Americans of Mexican decent who possess fat gene variants closely connected to obesity, are at higher risks for certain conditions, including diabetes and cardiovascular disease.
The variants are of the fat genes FTO and Arachidonate 5-Lipoxygenase (5-LO). For those with these variants, higher triglyceride and lower HDL (high-density lipoprotein) levels were observed. High triglyceride levels have been linked in the past to obesity and cardiovascular disease. Low HDL (also known as good cholesterol) levels also translates to an increased risk for heart disease. According to leading researcher Dr. Mary Helen Black, “the genetic interaction between 5-LO and FTO was significantly associated with an inverse relationship between triglycerides and HDL levels.”
165 Mexican American families, consisting of 1,286 individuals in total, participated in the study. The initial link between all the families, outside of their ethnic background, was the presence of diabetes in each family. The results of the study were presented at the ADA 68th Annual Scientific Sessions, which is a large gathering to discuss recent diabetic research.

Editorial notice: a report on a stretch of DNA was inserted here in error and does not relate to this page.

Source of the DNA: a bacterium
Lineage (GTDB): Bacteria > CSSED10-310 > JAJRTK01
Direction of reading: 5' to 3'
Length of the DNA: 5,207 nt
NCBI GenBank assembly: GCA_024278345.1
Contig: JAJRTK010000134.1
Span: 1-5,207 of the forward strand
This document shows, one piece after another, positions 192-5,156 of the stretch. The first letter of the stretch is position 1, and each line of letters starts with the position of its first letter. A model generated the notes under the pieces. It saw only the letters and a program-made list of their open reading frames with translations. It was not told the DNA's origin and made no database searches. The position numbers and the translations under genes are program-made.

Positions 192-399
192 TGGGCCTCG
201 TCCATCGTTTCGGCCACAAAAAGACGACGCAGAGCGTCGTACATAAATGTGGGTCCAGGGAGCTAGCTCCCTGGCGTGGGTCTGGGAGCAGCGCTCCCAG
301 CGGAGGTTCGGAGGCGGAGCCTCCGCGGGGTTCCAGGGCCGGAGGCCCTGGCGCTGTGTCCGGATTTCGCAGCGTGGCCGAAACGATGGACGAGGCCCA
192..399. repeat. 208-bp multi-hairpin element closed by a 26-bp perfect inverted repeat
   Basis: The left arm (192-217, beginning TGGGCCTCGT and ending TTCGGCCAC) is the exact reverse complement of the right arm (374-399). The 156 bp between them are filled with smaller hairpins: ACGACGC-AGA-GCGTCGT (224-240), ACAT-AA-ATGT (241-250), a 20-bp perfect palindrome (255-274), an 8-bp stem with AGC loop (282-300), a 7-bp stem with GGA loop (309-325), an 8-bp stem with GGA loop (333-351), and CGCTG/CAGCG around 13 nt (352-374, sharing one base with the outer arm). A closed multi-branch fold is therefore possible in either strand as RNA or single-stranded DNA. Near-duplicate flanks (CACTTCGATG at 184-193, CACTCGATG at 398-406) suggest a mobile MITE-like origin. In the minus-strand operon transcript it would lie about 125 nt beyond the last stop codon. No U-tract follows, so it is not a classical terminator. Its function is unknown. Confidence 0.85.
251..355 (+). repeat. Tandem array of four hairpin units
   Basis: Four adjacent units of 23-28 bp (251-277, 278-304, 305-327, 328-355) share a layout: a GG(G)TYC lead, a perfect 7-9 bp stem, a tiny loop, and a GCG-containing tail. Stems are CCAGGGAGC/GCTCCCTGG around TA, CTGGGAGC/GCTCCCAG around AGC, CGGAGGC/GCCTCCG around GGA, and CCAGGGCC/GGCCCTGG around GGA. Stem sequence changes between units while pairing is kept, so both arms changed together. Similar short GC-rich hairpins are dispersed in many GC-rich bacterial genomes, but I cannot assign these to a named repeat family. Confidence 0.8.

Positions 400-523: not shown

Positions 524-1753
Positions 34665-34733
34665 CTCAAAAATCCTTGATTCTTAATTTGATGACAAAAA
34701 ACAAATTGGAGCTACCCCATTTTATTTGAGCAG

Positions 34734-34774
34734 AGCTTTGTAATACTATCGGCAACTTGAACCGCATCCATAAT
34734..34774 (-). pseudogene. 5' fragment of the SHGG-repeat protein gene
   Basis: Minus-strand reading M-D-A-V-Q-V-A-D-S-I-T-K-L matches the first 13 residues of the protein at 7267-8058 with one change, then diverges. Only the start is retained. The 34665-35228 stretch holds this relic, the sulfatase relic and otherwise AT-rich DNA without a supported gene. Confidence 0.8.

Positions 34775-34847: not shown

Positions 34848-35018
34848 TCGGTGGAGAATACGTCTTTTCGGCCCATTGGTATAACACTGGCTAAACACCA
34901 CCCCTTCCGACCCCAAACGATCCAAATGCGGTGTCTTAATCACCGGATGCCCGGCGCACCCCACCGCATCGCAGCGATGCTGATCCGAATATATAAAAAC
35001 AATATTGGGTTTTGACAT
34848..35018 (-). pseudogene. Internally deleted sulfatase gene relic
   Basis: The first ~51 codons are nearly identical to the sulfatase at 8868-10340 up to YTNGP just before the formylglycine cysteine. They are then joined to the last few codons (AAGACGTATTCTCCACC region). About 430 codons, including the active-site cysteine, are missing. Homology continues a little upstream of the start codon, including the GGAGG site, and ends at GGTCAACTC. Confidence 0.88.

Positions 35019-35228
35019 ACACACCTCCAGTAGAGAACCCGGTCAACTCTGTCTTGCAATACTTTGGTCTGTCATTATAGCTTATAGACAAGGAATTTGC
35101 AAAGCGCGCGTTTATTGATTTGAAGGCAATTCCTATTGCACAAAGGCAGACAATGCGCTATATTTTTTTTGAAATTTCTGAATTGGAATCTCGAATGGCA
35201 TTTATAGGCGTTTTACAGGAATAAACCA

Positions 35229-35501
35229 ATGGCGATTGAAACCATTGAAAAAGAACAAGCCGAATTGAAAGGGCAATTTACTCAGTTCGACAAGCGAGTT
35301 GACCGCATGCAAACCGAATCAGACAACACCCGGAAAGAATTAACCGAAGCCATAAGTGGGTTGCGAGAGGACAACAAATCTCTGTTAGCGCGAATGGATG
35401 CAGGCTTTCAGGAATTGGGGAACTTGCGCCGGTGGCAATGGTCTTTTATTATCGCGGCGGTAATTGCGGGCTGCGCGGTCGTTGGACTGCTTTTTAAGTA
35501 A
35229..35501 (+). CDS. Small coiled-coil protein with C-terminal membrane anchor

The hope is that these results will lead to a better understanding of the interactions between these gene variants, and the subsequent development of medicines that control the negative effects of this interaction. As Dr. Black says, “because obesity and dyslipidemia are often precursors to diabetes, these gene interactions may play a vital role in future drug target development, which is another step toward advancing personalized medicine.”
Source: Defeat Diabetes Foundation: Black, Mary Helen. Chan, Jennifer. ADA 68th Annual Scientific Sessions news release. June 2008.